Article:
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The scenario depicted seems highly plausible to me. Unswervin Mervyn has been saying for years that he hopes exports will take up the inevitable burden of powering the economy once the consumers finally collapse under the burden of debt. A lower pound will obviously help boost exports and keep things ticking along for a while. Do eceonomists really look much further ahead than 3-4 years?

What's the best way to guard against the inflation that will surely follow? Cash seems a nnn-starter, shares are always risky, commodoties are at an all time high, property is seriously risky, where on earth does one turn?

I doubt that in fact a devaluing pound would make that much difference to UK exports - the manufacturing base is too weak, too under-invested and nowhere near matching the BRIC countries in labour costs.

Short of hyperinflation and if the burst of inflation does not go on too long, then cash is not an unreasonable place to be. Holding cash is a bet on eventual deflation but it seems wise to seek out some hedges against intervening inflation. Chasing the best savings rate, maximising tax free opportunities, searching out inflation linked opportunities - and, sorry got to say, gold is the traditional hedge against inflation and is relatively OK in deflation too (but you have to be ready for the volatility). Also possible - buy yen and, maybe, Euros. Whatever you do the present instability does not warrant invest and forget attitudes. Active awareness of risk seems to me to be more necessary than ever.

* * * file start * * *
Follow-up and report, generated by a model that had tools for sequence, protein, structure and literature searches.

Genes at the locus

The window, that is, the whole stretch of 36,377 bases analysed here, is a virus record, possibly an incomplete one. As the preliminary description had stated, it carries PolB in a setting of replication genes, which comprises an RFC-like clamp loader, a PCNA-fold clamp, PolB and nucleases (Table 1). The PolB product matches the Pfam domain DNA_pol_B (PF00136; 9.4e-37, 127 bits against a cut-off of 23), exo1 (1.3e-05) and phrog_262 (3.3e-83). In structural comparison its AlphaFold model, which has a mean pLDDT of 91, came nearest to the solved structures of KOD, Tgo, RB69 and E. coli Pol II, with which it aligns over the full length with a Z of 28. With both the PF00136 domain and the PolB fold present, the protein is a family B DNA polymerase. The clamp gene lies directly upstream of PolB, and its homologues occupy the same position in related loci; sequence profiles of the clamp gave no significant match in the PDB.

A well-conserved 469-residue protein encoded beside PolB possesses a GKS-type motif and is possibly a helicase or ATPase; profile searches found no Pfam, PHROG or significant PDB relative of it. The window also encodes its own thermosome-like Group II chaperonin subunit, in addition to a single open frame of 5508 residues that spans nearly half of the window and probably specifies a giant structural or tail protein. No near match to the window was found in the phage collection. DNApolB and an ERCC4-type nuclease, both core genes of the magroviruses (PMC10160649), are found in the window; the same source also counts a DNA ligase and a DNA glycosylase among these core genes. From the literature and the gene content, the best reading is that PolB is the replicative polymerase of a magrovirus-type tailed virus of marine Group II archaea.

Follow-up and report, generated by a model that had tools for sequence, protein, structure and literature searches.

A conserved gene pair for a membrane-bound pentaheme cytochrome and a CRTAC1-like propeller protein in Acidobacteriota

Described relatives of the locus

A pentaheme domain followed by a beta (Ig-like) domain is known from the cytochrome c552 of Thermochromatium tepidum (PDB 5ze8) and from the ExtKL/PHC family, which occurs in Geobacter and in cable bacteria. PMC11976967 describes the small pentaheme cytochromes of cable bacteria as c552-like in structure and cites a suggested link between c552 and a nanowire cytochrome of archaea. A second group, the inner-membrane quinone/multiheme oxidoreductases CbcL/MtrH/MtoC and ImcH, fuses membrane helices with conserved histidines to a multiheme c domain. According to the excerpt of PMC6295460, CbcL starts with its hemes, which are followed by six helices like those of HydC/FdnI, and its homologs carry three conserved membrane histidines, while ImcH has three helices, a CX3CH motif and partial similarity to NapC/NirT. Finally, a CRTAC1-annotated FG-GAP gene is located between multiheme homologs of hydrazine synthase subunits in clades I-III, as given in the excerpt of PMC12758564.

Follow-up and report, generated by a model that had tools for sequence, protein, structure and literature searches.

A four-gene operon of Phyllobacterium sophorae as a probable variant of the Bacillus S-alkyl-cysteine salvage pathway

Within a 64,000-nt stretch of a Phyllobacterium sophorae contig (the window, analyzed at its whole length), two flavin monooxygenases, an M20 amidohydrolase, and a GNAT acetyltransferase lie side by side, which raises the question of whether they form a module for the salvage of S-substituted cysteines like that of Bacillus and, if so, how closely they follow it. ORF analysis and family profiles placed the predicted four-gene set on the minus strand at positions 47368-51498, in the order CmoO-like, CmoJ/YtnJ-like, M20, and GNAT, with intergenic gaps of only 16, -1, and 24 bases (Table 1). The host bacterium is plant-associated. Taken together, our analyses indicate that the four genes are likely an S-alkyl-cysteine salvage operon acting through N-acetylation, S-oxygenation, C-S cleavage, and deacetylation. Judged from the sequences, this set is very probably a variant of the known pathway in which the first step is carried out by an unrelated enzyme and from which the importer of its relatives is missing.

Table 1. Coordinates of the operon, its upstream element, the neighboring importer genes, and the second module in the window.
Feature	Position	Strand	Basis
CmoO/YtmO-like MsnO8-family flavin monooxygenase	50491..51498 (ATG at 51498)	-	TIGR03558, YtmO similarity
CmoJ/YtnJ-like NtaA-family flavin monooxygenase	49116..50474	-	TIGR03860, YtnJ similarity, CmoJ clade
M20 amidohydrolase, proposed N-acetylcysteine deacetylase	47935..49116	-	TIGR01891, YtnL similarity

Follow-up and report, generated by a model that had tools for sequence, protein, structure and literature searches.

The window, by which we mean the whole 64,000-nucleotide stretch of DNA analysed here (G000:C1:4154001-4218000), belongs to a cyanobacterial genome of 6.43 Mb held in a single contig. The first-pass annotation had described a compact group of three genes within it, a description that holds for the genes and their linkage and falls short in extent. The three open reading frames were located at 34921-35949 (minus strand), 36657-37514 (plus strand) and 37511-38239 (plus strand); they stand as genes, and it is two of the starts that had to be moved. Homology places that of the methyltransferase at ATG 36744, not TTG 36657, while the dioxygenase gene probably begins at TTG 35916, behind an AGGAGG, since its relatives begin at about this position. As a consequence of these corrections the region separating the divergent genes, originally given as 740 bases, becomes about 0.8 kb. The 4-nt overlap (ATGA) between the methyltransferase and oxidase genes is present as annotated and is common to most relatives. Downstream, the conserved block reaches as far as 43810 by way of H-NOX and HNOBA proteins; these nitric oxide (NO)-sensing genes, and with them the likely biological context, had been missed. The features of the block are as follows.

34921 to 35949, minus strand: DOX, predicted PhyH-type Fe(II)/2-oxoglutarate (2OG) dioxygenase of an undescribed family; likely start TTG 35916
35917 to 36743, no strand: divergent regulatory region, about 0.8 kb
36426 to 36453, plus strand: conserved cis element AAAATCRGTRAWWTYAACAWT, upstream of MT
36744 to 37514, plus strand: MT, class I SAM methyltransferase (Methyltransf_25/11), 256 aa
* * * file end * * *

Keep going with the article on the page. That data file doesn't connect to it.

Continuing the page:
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Brainclamp you numpty try making a post that does not contain the words "massive immigration ". It is soooooo damn boring to hear you spout your fascist rubbish

Brainclamp may or may not be a fascist (sorry if you aren't BC), but in pointing to immigration as a contributor to high house prices he is not alone. On Monday I heard a couple of radio interviews, one of them on 5 Live, with a guy from Ernst & Young who had commissioned a report from some academics about the impact of the several hundred thousand recent immigrants from the new EU accession countries (Poland et al).

The conclusion was that this additional pool of labour had helped keep wages down. The way this works is that companies don't have to push up wages to get staff because there is a pool of labour willing to come in from abroad.

Lower wages = lower inflation = lower interest rates. Rising immigration = rising housing demand. Lower interest rates + rising housing demand = higher house prices. It's not difficult to work out, and you don't need to be a fascist to do the math ....

BA

Edited by bears all

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  • 302 Brexit, House prices and Summer 2020

    1. 1. Including the effects Brexit, where do you think average UK house prices will be relative to now in June 2020?


      • down 5% +
      • down 2.5%
      • Even
      • up 2.5%
      • up 5%